S. Velu Pillai, J.
1. The disposal of the matter by the lower Court is not quite satisfactory, and the case has to be sent back; but in doing so, certain points require to be clarified by this Court. While producing, pursuant to summons, certain records relating to assessments of sales tax, copies of which were applied for by the revision petitioners, who are defendants 4 and 5, the Sales Tax Officer claimed privilege under Rule 47 of the General Sales Tax Rules, 1950, and under Sections 123 and 124 of the Indian Evidence Act. The privilege was upheld by the order sought to be revised, though it is not clear, under which of the above provisions. Section 123 of the Evidence Act is irrelevant as the documents do not relate to affairs of State. Rule 47(1) aforesaid, is in the following terms :
All particulars contained in any statement made, return furnished or accounts or documents produced under the provisions of the Act or of the Rules made thereunder, or in any evidence given or affidavit or deposition made, in the course of any proceeding under the Act or the rules made thereunder, or in any record of any proceeding relating to the recovery of a demand prepared for the purpose of the Act or the rules made thereunder, shall be treated as confidential and shall not be disclosed.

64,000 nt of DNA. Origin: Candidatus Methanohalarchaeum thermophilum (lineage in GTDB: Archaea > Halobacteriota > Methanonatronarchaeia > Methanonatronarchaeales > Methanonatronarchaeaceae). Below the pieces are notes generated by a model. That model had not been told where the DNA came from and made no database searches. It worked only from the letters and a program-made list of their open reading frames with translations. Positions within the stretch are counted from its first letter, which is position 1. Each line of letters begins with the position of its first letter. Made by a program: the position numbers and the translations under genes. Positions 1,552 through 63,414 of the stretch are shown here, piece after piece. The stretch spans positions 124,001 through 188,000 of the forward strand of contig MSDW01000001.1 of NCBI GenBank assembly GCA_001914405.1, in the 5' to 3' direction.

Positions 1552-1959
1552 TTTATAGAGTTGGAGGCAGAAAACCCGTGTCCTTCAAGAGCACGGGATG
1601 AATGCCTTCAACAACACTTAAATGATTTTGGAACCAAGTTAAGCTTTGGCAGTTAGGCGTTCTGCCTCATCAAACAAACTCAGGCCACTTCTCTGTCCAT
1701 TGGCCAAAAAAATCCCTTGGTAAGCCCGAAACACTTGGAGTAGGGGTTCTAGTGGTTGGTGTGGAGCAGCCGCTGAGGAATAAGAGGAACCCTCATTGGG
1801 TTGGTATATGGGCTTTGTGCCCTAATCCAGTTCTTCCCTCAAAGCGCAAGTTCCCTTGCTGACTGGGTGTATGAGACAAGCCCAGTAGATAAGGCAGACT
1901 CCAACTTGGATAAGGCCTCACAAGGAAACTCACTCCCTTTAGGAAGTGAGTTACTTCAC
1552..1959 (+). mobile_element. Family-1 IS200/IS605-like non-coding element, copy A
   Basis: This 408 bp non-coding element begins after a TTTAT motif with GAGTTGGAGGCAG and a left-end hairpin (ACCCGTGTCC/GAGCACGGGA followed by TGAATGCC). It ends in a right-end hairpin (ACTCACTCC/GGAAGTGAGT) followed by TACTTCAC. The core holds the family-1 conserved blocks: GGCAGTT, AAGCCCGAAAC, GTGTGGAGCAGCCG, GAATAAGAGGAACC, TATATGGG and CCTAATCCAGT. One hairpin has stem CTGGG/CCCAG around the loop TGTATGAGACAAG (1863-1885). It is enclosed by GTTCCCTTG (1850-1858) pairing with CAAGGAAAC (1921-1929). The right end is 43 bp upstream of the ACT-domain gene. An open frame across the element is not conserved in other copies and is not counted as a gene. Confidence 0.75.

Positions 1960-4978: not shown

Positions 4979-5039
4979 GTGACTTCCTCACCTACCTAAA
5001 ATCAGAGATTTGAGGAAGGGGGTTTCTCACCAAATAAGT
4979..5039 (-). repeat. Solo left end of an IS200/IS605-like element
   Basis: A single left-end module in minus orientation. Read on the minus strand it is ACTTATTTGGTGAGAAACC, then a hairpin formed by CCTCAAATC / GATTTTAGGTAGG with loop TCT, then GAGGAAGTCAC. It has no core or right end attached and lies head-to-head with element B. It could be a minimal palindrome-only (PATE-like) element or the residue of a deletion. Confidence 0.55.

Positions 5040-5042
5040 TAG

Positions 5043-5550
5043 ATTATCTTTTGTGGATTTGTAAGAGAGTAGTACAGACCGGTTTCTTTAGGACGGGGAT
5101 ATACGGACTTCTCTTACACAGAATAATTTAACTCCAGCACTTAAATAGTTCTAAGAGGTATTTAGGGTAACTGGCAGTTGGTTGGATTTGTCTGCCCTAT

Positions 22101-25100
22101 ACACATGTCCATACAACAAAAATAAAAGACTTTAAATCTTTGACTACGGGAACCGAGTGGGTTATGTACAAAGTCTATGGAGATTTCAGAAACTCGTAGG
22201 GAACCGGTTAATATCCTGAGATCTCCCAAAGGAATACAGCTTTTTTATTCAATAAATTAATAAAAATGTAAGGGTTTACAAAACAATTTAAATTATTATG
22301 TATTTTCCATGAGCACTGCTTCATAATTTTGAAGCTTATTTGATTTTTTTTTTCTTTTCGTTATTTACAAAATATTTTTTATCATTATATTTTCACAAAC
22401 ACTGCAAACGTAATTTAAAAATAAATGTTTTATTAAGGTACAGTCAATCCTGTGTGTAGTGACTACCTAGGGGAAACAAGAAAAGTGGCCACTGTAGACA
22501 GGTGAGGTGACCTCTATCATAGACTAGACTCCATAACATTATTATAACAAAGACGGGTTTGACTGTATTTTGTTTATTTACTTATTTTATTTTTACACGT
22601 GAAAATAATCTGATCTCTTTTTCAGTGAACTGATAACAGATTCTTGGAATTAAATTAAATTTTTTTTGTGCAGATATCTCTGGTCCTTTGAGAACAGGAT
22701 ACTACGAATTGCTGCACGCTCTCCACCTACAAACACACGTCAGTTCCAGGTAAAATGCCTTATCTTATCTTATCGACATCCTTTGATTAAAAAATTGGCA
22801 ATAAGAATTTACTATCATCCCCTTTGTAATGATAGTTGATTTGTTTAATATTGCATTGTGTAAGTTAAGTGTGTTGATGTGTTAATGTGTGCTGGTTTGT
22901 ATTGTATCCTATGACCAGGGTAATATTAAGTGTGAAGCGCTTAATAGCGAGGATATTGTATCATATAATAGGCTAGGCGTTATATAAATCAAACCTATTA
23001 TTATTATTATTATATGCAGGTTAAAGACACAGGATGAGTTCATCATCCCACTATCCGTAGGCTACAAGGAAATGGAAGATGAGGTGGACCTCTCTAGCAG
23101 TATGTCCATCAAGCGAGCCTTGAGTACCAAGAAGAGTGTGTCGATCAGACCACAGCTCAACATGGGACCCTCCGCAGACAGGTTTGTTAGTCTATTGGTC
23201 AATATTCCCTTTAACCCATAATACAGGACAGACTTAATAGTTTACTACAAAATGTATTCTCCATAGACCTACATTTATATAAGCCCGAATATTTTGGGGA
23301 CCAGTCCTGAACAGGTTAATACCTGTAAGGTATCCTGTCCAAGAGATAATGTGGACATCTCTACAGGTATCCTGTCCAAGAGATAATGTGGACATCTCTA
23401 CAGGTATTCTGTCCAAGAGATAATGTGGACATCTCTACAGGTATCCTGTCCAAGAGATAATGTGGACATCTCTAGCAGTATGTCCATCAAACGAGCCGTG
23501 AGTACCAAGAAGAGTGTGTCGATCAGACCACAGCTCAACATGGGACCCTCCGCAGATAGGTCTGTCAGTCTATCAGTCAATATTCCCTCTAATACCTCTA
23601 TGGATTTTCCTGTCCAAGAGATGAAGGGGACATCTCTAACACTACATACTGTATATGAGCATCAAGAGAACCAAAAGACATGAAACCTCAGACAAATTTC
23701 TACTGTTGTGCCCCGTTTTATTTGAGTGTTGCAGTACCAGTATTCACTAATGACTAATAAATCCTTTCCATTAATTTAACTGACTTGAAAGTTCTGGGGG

Section 54, Sub-section (1), is the counter-part of Rule 47(1) in the Indian Income-tax Act, 1922, and may be quoted :
All particulars contained in any statement made, return furnished or accounts or documents produced under the provisions of this Act, or in any evidence given, or affidavit or deposition made, in the course of any proceeding under this Act other than proceedings under this Chapter, or in any record of any assessment proceeding, or any proceeding relating to the recovery of a demand, prepared for the purposes of this Act, shall be treated as confidential, and notwithstanding anything contained in the Indian Evidence Act, 1872 (1 of 1872), no Court shall, save as provided in this Act, be entitled to require any public servant to produce before it any such return, accounts, documents or record or any part of any such record, or to give evidence before it in respect thereof.